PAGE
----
Transit Access, Amenities Key Parts of Today’s Corporate Office Campuses

Corporate Office Campus, Urban Land Institute San Francisco, Silicon Valley, Bay Area, San Jose, Weyerhaeuser, Kilroy Realty, Redwood City, amenities
photo - Santana Row perspective w offices rendered - medium res
Santana Row in San Jose

By Naib Mian

Commercial real estate leaders discussed the evolving corporate campus last week at an event hosted by urban planning group SPUR and co-presented by the Urban Land Institute San Francisco.

University of California, Berkeley, professor and moderator Louise Mozingo introduced the discussion with a historical background of the corporate campus, describing the first such campus in the 1940s, meant to be low density, heavily landscaped, and meld with its middle-class suburban neighborhoods. This suburban commercial real estate was car-dependent and designed to keep the employees in one place for the entire day.

Although freeways and the office park are the norm for Silicon Valley’s suburban environment, Mozingo said this model does not address the future and pointed to forces of change—a new peak in jobs since 2001, a millennial drive to go urban, and a demand for more active communities that engage the public—that are shifting how companies approach real estate.

Millennials are rapidly changing business culture and the real estate environment across the Bay Area. Set to make up 75 percent of the workforce by 2025, this younger generation is less interested in driving, and 77 percent plan to live in the urban core—a statistic that is unsustainable given the current reality of urban real estate, Mozingo said.

Citing a growing excitement factor, Jan Sweetnam, Western Region COO for Rockville, Md.-based Federal Realty Investment Trust, which manages San Jose’s upscale outdoor shopping mall Santana Row, said today’s employees are very different from those of the first corporate campuses.

“People make great streets vibrant and exciting,” he said, speaking to the culture of Santana Row in attracting younger people. Sweetnam, who presented Santana Row’s second office building, which will be completed next year with 223,000 square feet of office space, said that excitement must also transfer to the office. The new construction will feature shared public space, allowing interaction and integration with Santana Row.

“If you’re not a big company and can’t build amenities, you can use our [Santana Row] amenities,” he said.

Amenities have become a large part of that excitement factor, said Lisa Scribante, principal with Seattle- and San Francisco-based architecture firm Mithun. She pointed to new services in wellness at suburban campuses that are attracting employees, including gardens and spaces for meditation or collaboration.

“In urban campuses, however, the city is the amenity,” she said. This is becoming an increasing trend as businesses adapt to millennial urban urges. Scribante described one of Mithun’s projects, a new eight-story headquarters for forestry company Weyerhaeuser in Seattle’s Pioneer Square, relocating from their longtime corporate estate in Tacoma.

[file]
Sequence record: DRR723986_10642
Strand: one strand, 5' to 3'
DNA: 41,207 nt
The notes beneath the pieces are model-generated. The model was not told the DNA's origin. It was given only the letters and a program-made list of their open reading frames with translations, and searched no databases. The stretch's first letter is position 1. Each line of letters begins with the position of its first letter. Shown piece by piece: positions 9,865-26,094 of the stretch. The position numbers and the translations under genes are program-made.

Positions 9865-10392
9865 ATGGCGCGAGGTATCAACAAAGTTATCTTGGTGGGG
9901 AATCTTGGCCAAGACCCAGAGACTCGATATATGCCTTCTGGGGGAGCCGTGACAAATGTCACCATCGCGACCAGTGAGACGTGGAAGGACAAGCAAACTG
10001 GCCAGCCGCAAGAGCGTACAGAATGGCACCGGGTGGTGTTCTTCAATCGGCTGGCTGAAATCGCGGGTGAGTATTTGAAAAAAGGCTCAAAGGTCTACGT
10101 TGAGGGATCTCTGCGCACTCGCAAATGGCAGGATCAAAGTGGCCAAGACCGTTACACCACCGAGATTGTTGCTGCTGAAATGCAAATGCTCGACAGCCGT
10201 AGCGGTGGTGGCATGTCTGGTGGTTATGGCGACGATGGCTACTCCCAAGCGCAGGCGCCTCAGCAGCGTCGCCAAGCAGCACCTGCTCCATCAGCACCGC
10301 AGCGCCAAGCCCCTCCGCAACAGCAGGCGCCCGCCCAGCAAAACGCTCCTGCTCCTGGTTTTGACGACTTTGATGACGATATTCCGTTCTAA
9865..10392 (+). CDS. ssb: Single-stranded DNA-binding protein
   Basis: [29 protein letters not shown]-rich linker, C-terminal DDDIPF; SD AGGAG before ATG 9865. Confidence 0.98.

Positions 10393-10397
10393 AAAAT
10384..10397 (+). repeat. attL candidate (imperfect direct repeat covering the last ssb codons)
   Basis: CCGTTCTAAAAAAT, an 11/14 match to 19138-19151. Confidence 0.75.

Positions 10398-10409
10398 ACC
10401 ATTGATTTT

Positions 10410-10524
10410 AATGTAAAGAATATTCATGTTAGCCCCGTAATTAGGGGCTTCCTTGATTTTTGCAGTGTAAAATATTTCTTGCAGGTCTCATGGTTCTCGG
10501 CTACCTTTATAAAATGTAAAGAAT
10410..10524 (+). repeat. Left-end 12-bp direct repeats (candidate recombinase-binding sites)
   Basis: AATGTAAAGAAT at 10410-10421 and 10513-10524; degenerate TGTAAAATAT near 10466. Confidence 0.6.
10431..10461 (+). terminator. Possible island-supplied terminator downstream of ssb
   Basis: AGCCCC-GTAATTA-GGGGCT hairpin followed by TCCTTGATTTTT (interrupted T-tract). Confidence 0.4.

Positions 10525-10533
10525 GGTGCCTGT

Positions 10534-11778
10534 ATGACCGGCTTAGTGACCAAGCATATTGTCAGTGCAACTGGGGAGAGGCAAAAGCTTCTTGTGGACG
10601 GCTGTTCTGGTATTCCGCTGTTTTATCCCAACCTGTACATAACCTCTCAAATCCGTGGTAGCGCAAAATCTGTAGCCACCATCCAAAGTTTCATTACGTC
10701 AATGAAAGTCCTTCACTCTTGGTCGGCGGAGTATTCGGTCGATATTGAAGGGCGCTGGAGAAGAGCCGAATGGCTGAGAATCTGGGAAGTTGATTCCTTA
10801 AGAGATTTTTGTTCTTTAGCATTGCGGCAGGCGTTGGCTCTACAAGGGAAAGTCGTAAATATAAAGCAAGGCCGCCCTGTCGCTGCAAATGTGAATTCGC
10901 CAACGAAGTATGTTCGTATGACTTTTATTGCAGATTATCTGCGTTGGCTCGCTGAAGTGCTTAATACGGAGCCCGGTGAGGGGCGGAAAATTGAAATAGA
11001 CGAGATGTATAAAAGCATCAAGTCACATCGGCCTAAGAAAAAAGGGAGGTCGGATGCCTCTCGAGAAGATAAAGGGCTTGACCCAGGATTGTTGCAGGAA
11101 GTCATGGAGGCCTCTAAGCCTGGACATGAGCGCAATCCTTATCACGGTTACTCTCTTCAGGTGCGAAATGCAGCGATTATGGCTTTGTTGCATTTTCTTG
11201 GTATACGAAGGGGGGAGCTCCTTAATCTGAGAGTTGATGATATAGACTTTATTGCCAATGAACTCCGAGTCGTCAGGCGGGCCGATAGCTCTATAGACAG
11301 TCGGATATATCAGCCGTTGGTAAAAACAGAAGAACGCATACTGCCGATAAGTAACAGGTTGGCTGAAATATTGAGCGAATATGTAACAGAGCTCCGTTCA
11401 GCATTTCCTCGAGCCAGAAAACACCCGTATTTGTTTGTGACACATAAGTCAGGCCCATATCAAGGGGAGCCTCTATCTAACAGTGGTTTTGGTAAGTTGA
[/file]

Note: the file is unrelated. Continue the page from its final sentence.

“They moved to the city for the same reason a lot of businesses are: to attract talent,” she said.

As young professionals continue to shun driving, urban transit-oriented development has become a key aspect of real estate planning.

Mike Sanford, the Northern California executive vice president for real estate investment trust Kilroy Realty Corp., praised Redwood City’s changed image. Highlighting Los Angeles-based Kilroy’s ongoing project in the city—two midsized office buildings totaling 339,000 square feet—Sanford said Redwood City’s downtown, situated along a Caltrain stop, is increasingly becoming a more attractive location with more than 1,000 residential units under construction.

“We’re no longer looking at Redwood Shores and campuses. The city’s downtown has completely changed,” Sanford said. The Seattle suburb of Bellevue also has incorporated higher densities in development and planning, he said.

“Bellevue is doing really well. They went high, and it was well received,” Sanford said.

Kevin Riley, the City of Santa Clara’s director of planning and inspection, highlighted several local redevelopment projects that would also increase density, which he said is the only way to accommodate growing populations given limited space in the region.

Santa Clara Gateway, a project at 5451 Great America Parkway by Newport Beach, Calif.-based development firm The Irvine Co., is a 911,000-square-foot multitenant corporate campus that was completed last year. Santa Clara Square, another Irvine Co. project, will feature a 100-acre community of office space, retail, housing and recreation at Bowers Avenue and Highway 101. With the lack of access to public transportation, Riley said development must find other ways to make communities less focused on driving.

“If transit is not available, you have to put the jobs and housing closer together,” he said.

Regardless of the tactics, the commercial real estate industry is increasingly being required to shift design, development and planning to accommodate a rapidly changing business and living culture propelled by millennial and emerging professionals.